Cisco saw a 34 percent drop in exploits in Java, but saw the volume of Silverlight attacks increase 228 percent.
Cisco saw a 34 percent drop in exploits in Java, but saw the volume of Silverlight attacks increase 228 percent.

Attackers are expanding their tactics and becoming harder to detect, users are increasingly being targeted and are unknowingly aiding the attacks, and defenders think their security is optimized even though that may not be the case, according to the “Cisco 2015 Annual Security Report.”

Surveying 1,738 CISOs and SecOps managers for its Cisco Security Capabilities Benchmark Study, which is included in the report, roughly 40 percent of respondents said they are using patching and configuration to prevent breaches, and only 10 percent said they are running the latest version of Internet Explorer, yet 90 percent feel “confident” in their security efforts and 75 percent see their security tools as very or extremely effective.

John Stewart, chief security and trust officer with Cisco, told SCMagazine.com that the numbers speak on the separation between “believing everything is fine” when all is quiet, and then realizing “nothing is fine” when something invariably does happen.

Jason Brvenik, principal engineer of the security business group at Cisco, told SCMagazine.com that defenders are not making it harder for attackers. Focusing on the Internet Explorer data point, he said that one answer may be in automatically updating browsers such as Chrome, which has 64 percent of users running the latest version.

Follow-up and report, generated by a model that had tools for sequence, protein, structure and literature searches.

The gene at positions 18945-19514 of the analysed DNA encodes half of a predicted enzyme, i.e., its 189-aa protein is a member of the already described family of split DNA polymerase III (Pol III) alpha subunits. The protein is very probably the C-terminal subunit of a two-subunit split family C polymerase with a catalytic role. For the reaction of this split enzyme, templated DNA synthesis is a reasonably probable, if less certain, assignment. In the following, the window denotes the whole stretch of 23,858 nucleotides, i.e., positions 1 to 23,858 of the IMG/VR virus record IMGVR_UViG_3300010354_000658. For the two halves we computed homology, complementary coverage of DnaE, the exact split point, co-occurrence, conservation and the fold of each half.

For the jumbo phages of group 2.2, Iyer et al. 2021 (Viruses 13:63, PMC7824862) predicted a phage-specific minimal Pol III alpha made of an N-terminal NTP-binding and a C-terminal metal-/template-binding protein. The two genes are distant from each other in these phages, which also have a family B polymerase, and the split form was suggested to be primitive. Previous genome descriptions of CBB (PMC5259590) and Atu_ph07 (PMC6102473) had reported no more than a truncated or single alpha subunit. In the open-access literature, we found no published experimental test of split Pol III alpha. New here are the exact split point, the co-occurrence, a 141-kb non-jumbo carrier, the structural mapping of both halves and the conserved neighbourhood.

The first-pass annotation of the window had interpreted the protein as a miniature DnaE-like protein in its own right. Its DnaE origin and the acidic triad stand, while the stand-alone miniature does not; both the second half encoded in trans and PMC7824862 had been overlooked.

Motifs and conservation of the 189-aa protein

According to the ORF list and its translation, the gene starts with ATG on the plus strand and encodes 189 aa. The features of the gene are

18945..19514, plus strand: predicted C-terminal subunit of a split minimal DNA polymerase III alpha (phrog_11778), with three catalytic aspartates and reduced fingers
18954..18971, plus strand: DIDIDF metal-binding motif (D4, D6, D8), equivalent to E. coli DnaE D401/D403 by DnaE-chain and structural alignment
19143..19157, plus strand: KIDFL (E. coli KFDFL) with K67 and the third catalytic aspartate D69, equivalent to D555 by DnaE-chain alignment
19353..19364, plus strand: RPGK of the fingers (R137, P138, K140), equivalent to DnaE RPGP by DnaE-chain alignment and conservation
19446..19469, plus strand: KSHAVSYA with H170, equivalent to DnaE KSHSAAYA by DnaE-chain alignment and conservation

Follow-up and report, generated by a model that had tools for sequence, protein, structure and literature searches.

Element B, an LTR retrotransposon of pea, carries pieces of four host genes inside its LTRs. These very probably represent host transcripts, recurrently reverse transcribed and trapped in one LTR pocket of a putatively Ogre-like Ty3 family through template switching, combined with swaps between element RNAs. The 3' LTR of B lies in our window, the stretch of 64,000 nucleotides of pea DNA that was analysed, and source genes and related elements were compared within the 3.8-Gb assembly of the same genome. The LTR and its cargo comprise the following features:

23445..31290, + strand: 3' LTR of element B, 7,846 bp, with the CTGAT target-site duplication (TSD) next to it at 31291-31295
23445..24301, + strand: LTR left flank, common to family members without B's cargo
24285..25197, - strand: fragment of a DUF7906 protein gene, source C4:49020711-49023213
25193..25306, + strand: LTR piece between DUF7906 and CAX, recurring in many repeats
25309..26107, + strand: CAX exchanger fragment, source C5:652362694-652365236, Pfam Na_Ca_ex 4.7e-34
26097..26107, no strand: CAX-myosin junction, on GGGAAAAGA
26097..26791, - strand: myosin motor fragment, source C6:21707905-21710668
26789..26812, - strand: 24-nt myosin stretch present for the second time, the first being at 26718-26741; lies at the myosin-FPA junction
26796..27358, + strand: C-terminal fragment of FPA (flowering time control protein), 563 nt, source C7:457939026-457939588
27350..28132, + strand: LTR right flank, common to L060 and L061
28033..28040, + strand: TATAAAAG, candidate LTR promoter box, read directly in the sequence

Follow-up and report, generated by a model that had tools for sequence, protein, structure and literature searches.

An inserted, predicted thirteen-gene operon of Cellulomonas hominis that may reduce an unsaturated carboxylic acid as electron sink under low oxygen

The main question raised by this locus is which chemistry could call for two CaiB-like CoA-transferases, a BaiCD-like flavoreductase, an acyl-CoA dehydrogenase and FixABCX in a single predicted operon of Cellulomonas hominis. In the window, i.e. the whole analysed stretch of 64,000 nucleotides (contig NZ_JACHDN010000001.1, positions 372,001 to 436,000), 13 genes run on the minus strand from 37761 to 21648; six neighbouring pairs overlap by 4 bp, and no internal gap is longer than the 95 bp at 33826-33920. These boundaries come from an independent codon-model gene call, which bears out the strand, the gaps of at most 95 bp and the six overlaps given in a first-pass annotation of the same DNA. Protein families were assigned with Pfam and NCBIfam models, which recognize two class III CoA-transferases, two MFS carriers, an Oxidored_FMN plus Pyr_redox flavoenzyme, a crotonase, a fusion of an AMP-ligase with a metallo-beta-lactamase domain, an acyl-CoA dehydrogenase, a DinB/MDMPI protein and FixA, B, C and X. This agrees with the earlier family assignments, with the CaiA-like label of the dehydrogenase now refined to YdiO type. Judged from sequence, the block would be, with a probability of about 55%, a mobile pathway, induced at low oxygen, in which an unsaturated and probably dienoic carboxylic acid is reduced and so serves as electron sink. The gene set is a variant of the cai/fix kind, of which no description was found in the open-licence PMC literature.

Considering that 56 percent of devices indexed use versions of OpenSSL more than 50 months old – meaning they are vulnerable to the critical Heartbleed bug – keeping software up-to-date may be more important now than ever.

“We saw a 34 percent drop in exploits in Java,” Brvenik said. “Java has become more secure. Attackers have noted this, so we saw a rise in the exploit of Silverlight consequently.” According to the report, the volume of Silverlight attacks has increased 228 percent since December 2012.

The report shows a 250 percent increase in spam volume from January 2014 to November 2014 – notably snowshoe spam, an emerging threat that involves sending low volumes of spam from a large set of IP addresses in order to avoid detection.

The attackers are also concealing their activities by using flash malware that interacts with JavaScript, which makes threats more challenging to detect and tougher to analyze. Additionally, users may not be aware that they have been affected by malvertising, which spiked in 2014, particularly in the second half of the year.

In the report, Cisco outlined a set of security principals to help organizations better understand and respond to today's cyber challenges. These include security working with existing architecture, security being transparent, and security enabling visibility.